Presbyterian Church (USA)’s offical ban on gay clergy lives on.
The denomination’s regional bodies have voted down a proposed change to church law that would have allowed gays and lesbians to be ordained.
Delegates to a denominational assembly approved the change last year, but a majority of presbyteries — 87 out of 173 — had to support the move.
Presbyteries have been voting for several months. As of Saturday, 88 presbyteries voted against the change, meaning that the closely watched vote is over.
Back in 1996, denominational law was changed to prohibit the ordination of anyone who wasn’t married or chaste. The move was aimed at prohibiting the ordination of gay clergy.
This was the third unsuccessful effort to overturn the law.
The Hudson River Presbytery, which represents 91 congregations in Westchester, Rockland, Putnam and four northern counties, voted in favor of rescinding the ban. Delegates in the gay-friendly region voted back in February: 94 yes, 12 no, 1 abstention.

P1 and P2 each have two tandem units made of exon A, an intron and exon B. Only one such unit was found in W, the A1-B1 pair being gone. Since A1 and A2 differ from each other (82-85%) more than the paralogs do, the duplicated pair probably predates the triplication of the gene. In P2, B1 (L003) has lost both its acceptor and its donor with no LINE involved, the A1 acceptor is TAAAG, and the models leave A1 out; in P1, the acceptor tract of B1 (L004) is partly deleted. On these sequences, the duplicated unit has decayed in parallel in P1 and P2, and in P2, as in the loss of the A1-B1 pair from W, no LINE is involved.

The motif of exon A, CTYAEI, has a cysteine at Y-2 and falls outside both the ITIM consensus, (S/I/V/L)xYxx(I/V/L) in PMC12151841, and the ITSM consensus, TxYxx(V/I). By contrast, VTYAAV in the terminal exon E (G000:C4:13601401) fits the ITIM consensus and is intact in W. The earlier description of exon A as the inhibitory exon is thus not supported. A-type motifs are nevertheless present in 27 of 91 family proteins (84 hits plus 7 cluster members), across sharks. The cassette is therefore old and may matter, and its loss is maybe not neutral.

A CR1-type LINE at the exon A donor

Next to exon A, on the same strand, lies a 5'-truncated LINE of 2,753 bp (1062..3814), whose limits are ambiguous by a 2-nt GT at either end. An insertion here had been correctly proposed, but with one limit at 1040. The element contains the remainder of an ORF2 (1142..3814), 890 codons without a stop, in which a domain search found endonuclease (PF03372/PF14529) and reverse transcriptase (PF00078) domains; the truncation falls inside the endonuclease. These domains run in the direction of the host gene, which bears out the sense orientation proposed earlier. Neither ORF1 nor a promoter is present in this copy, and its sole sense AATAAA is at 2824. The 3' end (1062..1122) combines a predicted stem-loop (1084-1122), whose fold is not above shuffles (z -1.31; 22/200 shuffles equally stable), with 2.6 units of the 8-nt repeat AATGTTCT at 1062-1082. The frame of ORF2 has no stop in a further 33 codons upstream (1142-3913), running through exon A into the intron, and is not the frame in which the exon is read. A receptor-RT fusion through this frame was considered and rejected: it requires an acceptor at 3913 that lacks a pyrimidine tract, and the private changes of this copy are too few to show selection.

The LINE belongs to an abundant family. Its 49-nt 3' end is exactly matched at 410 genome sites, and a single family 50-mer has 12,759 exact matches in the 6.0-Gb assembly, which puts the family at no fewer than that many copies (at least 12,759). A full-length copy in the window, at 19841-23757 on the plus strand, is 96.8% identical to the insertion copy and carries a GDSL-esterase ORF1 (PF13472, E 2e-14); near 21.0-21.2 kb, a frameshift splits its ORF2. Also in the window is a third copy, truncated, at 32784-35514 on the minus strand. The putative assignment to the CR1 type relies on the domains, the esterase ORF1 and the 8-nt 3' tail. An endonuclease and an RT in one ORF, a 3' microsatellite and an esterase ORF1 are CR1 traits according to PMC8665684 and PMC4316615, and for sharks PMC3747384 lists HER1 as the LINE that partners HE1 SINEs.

The proposed new amendment looked like this:
“Those who are called to ordained service in the church, by their assent to the constitutional questions for ordination and installation (W-4.4003), pledge themselves to live lives obedient to Jesus Christ the Head of the Church, striving to follow where he leads through the witness of the Scriptures, and to understand the Scriptures through the instruction of the Confessions. In so doing, they declare their fidelity to the standards of the Church. Each governing body charged with examination for ordination and/or installation (G-14.0240 and G-14.0450) establishes the candidate’s sincere efforts to adhere to these standards.”